I continue to struggle with processing the Penn State scandal. It is overwhelming to think of what Jerry Sandusky did to children at the university. When I ponder how he could be a member of a United Methodist church in my conference, I shudder. One of the few rays of hope in all of this is that the truth is slowly coming out and some semblance of justice is slowly being achieved.
As I struggle to make sense of it all, I find that what I perceive to be sanctimony, schadenfreude, and the lack of ownership in systemic sin is also bothering me. In terms of sanctimony, so many people and organizations have gotten on their high horse about what happened at Penn State. They have taken the easy road of moral authority and just attacked people involved with no humility. Instead of wading into the grey waters of a complex and problematic situation, they have created a binary situation. There was right and there was wrong, heroes and monsters, and with the clarity of hindsight, they throw stones at those they deem as inexcusably wrong. As they throw stones, they do not consider for a moment, how perhaps they are not that much better then those involved in the situation.
When you see the world in the binary of right and wrong, it is easier to go to sleep at night. Instead of acknowledging one’s own sinfulness, one’s own perchance to make poor decisions, the complexities of systemic evil, the possibility we don’t know everything, we can sleep well knowing our own moral superiority. As we rest smug that we are better than those we cast stones at, we don’t have to wrestle with self-reflection and repentance.
The problem though is that there are very few monsters in the world. I think about Hannah Arendt’s Eichmann In Jerusalem. Arendt observed that while the Isreali prosecution wanted to make Eichamnn out to be a monster, she found him to be an ordinary person who did horrible things. What is worse is that Eichmann did not seem to have a personal agenda to go out and hurt people. From his perspective he was just doing his duty. Fullfilling his purpose in a larger system. Had the system been designed differently, he would have acted differently.
This is not to excuse what Eichmann did. Instead, it should scare all of us. Normal people in their day to day lives do horrible things. It easy to select a few people and lay the blame on them in a horrible situation. Yet, systemic evil is rarely the work of one person or even a few people. The reality is that Eichmann had a lot of help sending people to the death camps. We like to blame Hitler for the holocaust, but many people empowered and enabled him. He did not do it alone. Ordinary people helped do horrific things. It is often the work of many people enabling, empowering, or failing to do the right thing that creates great evil in the world. A janitor can blame Paterno’s power to fire for not reporting what the janitor saw, but does the absolve the janitor of moral responsibility to report a crime? Whenever we are involved in a system, we have some control of how we act in the situation.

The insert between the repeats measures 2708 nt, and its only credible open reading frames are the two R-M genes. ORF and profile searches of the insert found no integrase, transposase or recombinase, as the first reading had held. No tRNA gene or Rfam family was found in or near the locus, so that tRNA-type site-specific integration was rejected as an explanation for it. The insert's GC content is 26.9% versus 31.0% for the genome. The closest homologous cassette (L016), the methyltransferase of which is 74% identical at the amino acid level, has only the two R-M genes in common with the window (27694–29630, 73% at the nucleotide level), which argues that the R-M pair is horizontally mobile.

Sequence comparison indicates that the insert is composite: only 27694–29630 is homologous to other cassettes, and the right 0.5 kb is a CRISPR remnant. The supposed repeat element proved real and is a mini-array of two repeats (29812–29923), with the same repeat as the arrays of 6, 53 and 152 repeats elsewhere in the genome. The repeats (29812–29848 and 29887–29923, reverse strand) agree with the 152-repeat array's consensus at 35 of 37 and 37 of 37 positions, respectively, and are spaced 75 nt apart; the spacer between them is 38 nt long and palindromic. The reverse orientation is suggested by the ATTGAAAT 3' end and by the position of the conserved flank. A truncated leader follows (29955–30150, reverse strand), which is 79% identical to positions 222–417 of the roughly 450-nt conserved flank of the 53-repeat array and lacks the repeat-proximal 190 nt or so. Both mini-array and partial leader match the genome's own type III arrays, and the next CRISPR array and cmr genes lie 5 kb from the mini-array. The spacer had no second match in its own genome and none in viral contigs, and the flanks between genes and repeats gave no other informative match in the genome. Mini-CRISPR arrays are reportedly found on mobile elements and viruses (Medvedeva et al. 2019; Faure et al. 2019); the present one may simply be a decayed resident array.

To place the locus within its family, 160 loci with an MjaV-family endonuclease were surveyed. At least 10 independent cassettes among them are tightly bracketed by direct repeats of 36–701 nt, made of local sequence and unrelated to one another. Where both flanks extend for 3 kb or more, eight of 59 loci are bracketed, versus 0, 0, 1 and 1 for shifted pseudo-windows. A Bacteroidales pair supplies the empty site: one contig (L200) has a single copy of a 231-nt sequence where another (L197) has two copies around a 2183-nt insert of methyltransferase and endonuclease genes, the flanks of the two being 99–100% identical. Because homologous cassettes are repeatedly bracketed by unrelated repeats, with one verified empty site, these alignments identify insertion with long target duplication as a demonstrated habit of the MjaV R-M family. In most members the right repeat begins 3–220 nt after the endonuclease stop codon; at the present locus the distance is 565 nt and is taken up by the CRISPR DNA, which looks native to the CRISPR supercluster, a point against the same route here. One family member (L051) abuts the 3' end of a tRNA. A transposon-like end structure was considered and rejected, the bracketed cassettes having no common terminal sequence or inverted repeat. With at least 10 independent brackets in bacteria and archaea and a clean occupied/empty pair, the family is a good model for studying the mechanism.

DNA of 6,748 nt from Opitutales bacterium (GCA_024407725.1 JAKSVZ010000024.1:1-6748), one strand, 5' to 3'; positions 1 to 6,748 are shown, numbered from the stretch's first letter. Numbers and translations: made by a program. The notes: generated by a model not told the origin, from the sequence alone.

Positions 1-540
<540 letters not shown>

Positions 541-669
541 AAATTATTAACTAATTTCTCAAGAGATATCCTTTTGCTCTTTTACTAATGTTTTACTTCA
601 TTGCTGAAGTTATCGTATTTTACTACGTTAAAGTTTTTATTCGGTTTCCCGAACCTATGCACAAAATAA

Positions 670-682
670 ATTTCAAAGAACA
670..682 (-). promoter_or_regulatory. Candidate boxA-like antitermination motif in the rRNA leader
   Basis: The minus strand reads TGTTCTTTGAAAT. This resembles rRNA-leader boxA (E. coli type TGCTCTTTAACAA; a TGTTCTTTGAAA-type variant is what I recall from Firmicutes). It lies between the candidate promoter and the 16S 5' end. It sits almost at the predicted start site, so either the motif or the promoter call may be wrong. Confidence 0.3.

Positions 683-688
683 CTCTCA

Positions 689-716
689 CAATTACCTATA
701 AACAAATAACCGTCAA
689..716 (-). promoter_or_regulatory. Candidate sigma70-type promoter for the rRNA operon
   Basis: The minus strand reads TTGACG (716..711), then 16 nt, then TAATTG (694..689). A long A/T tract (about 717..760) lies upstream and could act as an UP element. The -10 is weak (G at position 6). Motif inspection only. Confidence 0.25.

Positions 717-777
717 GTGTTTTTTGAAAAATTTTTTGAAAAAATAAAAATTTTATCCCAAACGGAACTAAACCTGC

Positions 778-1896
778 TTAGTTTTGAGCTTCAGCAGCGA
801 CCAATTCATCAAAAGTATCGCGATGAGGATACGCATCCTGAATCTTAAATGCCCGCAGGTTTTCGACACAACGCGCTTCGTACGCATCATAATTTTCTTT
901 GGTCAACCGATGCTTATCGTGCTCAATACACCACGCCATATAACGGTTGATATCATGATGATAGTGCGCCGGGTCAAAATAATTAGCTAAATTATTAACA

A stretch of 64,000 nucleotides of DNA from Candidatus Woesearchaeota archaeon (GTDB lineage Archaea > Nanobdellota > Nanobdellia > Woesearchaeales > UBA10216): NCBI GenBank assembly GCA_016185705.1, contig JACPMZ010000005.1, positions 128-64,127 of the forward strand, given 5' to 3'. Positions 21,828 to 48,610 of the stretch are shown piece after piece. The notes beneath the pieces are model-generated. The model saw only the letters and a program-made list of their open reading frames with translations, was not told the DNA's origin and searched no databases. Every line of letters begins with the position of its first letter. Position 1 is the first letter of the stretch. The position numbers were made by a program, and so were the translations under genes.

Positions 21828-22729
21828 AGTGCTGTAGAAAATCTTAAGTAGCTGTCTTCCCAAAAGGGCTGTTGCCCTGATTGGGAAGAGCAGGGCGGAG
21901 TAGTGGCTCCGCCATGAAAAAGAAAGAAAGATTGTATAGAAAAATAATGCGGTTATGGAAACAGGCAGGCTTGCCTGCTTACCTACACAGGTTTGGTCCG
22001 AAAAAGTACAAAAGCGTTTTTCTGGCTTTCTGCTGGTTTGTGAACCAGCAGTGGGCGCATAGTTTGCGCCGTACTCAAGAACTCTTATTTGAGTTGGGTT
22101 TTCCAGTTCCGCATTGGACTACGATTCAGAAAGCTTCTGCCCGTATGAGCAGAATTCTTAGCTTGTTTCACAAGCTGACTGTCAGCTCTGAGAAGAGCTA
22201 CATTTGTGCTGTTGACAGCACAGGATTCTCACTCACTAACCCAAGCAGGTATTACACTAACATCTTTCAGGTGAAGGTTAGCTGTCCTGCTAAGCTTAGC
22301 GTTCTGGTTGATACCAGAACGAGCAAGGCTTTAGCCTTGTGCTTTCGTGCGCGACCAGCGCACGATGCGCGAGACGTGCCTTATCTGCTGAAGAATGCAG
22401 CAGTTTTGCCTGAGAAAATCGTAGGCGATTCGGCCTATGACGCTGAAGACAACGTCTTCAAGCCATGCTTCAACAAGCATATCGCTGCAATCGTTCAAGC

All of the sanctimonious comments only creates a haze that blinds all of us to our own complicity and potential complicity in systemic evil. While we need to state what is wrong, we need to hold people accountable for their actions, we also need more humility and less sanctimony. Only when we are willing to admit our own sinfulness, our own complicity, and the banality of evil are we in a position to work towards stopping the sins that we currently pin on a few. The NCAA, sports writers, college football fans, all have a role in this. Taking a sanctimonious position now, does not absolve complicity. It only blinds us and creates the possibility of great sin later.
I am bothered by what I perceive as schadenfreude as well. Before the NCAA announced their punishment, some people’s calls for punishment seemed opportunistic and selfish. Every time a new punishment is named for Penn State, some argue it is not enough. When a Penn State fan says something dumb and someone calls for more punishment in light of the comment, I wonder though why? How much punishment is enough? What level of punishment will change what happened? The NCAA could raze the campus and salt the earth, but that does not change what has happened. Punishment is appropriate. I would not argue with that. I just question the motivations of people and organizations who want more and more. What are their motivations?
Ultimately, I hope we can recognize that the Penn State situation was more then the sins of a few men. It was systemic sin. The systems involved go beyond Penn State. As a society we need to hold Penn State accountable to change so that so this will never happen again. I believe punishment is appropriate. The way the story is currently framed though absolves many at Penn State and outside Penn State in their own complicity. It is easy to demonize a few and exonerate the rest, but doing so only turns a blind eye to the systemic nature of the sins involved. When we make the narrative easy to swallow, I fear we are not ultimately learning anything or making real changes. We do so at our own peril.
The cookie settings on this website are set to "allow cookies" to give you the best browsing experience possible. If you continue to use this website without changing your cookie settings or you click "Accept" below then you are consenting to this.